Report: HR Still Struggling to be a Strategic Business Partner

What’s surprising about a new analyst report from Aberdeen is that in 2012, HR professionals still need to be reminded that talent management is as much a strategy as a tactic they should be captaining.

“HR still struggles to become a ‘strategic partner’ with the business, engaging employees and aligning integrated talent management initiatives with overall organizational goals,” write the authors of an Aberdeen Analyst Insight about developing a “Talent First” culture.

Drawing from an upcoming Aberdeen report, analysts Madeline Laurano and Mollie Lombardi say HR’s day-to-day work and the lack of support and buy-in from other business leaders and senior management stand in the way of developing the strategic approach that HR leaders say must be a part of their skill set.

Why integrated talent management matters

Yet there’s some sort of disconnect here. The analysts note that in Aberdeen’s Quarterly Business Review, the 1,300+ business leaders in the survey named workforce and talent concerns in half of their top 10 business challenges. However, 35 percent of the HR leaders participating in the forthcoming HR Executives Agenda 2012 complained of a lack of buy-in from their senior management.

Integrated talent management will help with this, say Laurano and Lombardi.

“An integrated approach to talent management can help organizations carry out key talent initiatives that will benefit the business,” they write, citing evidence from “Best-In-Class” companies. These are the top 20 percent of scorers on three Aberdeen metrics: Employee engagement, bench strength, and hiring manage satisfaction.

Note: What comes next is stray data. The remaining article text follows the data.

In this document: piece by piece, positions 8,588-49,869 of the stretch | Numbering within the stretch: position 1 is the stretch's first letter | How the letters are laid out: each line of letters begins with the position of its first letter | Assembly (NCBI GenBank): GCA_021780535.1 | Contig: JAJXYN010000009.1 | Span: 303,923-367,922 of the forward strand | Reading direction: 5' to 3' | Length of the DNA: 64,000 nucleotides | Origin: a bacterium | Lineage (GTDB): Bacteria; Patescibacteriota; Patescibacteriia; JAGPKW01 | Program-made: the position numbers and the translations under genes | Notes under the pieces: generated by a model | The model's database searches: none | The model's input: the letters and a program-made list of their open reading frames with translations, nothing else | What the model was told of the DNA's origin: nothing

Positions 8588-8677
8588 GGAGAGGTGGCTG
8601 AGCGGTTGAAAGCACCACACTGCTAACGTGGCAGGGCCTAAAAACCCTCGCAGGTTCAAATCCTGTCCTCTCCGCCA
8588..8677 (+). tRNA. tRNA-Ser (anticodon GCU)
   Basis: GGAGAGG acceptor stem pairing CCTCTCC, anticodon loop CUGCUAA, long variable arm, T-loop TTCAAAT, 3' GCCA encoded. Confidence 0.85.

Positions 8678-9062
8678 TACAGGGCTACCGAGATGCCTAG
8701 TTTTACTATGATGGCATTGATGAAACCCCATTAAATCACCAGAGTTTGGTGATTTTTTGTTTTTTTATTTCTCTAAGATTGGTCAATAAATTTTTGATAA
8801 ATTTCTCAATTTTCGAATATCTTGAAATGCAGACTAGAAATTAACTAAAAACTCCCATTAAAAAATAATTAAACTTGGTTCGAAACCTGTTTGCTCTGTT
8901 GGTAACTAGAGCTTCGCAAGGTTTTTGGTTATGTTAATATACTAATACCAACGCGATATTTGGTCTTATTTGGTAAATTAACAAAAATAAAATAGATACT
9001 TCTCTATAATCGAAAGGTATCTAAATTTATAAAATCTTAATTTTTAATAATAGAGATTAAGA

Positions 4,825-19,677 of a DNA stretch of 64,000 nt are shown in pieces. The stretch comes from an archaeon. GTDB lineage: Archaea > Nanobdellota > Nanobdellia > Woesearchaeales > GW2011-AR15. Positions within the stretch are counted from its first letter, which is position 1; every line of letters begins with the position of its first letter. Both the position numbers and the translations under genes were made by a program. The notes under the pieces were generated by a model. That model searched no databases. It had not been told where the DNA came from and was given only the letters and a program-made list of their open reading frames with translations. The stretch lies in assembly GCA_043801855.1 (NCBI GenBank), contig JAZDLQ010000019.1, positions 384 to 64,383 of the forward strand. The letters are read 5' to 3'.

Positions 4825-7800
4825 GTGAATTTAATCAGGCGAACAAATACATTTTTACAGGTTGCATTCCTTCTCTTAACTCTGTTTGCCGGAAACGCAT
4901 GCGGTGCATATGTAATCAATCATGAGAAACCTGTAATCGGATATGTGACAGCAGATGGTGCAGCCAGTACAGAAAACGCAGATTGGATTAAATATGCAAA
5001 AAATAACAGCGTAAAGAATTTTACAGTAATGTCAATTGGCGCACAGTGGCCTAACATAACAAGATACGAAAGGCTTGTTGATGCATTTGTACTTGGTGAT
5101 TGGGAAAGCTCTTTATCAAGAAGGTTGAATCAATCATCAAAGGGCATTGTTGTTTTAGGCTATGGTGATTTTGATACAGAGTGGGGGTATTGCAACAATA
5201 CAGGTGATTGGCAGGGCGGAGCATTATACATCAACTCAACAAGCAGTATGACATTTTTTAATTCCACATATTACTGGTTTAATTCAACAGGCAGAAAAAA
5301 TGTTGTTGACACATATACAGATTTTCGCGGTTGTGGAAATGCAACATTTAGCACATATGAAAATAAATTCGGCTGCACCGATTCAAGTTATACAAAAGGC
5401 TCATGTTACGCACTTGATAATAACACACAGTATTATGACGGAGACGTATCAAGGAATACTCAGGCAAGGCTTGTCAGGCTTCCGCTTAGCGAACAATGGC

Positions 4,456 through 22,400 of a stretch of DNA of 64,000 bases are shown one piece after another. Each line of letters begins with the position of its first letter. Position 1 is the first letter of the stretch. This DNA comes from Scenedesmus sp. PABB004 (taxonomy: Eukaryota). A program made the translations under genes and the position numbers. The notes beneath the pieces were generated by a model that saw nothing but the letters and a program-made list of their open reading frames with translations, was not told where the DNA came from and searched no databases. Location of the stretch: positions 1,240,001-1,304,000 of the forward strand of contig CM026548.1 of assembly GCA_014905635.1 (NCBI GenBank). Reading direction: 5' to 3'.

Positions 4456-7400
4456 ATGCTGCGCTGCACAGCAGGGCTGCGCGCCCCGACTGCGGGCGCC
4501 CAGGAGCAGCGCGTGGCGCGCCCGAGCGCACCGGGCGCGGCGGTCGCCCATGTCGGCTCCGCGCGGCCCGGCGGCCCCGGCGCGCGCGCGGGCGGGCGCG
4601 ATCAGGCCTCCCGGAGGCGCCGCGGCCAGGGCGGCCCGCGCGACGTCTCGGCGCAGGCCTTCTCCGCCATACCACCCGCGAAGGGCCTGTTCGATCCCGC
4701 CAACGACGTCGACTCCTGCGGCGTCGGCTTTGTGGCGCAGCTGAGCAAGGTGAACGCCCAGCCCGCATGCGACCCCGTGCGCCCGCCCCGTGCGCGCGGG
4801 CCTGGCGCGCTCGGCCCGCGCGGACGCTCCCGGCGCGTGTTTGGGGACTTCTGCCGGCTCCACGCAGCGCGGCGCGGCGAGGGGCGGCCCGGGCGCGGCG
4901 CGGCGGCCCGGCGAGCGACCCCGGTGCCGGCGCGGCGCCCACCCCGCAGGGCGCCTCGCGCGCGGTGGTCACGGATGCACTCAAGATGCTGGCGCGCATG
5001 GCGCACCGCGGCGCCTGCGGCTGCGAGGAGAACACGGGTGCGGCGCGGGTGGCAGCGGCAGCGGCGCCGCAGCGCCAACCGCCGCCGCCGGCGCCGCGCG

This Best-in-Class group reported improved retention, high employee engagement, and achievement of key performance indicators. Overall, 70 percent of the group credited their integrated approach to talent management with achieving organizational goals.

As the authors note, “integrated talent management is not a new phenomenon.” Fine tuning recruiting methods to the performance of workers three months, six months, even a year after hire has been going on for years. Projecting worker and skill needs into the future, based on company growth, workforce demographics, competition, and so on, and then using that intelligence to plan recruiting, is much more recent, yet hardly brand new.

A unified approach to talent

These examples are part of the drive toward developing a unified approach to talent within a company. Many, note the authors, have “succeeded in breaking down traditional HR silos.”

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“Without integration,” they add, “HR operates in one department, rather than spanning the entire organization.”

In many ways technology can hasten the integration. Besides shifting paperwork to managers or to the employee themselves, and thus freeing HR for more strategic work, it brings to line managers information once available only in HR.

Integrated talent management technology isn’t the determinant of a “Talent First” culture, but it does make big picture viewing easier, and sometimes even possible. “Analytics matter,” say Laurano and Lombardi. Technology makes it simpler to access the data that leads to business insights.

Tying talent management to business goals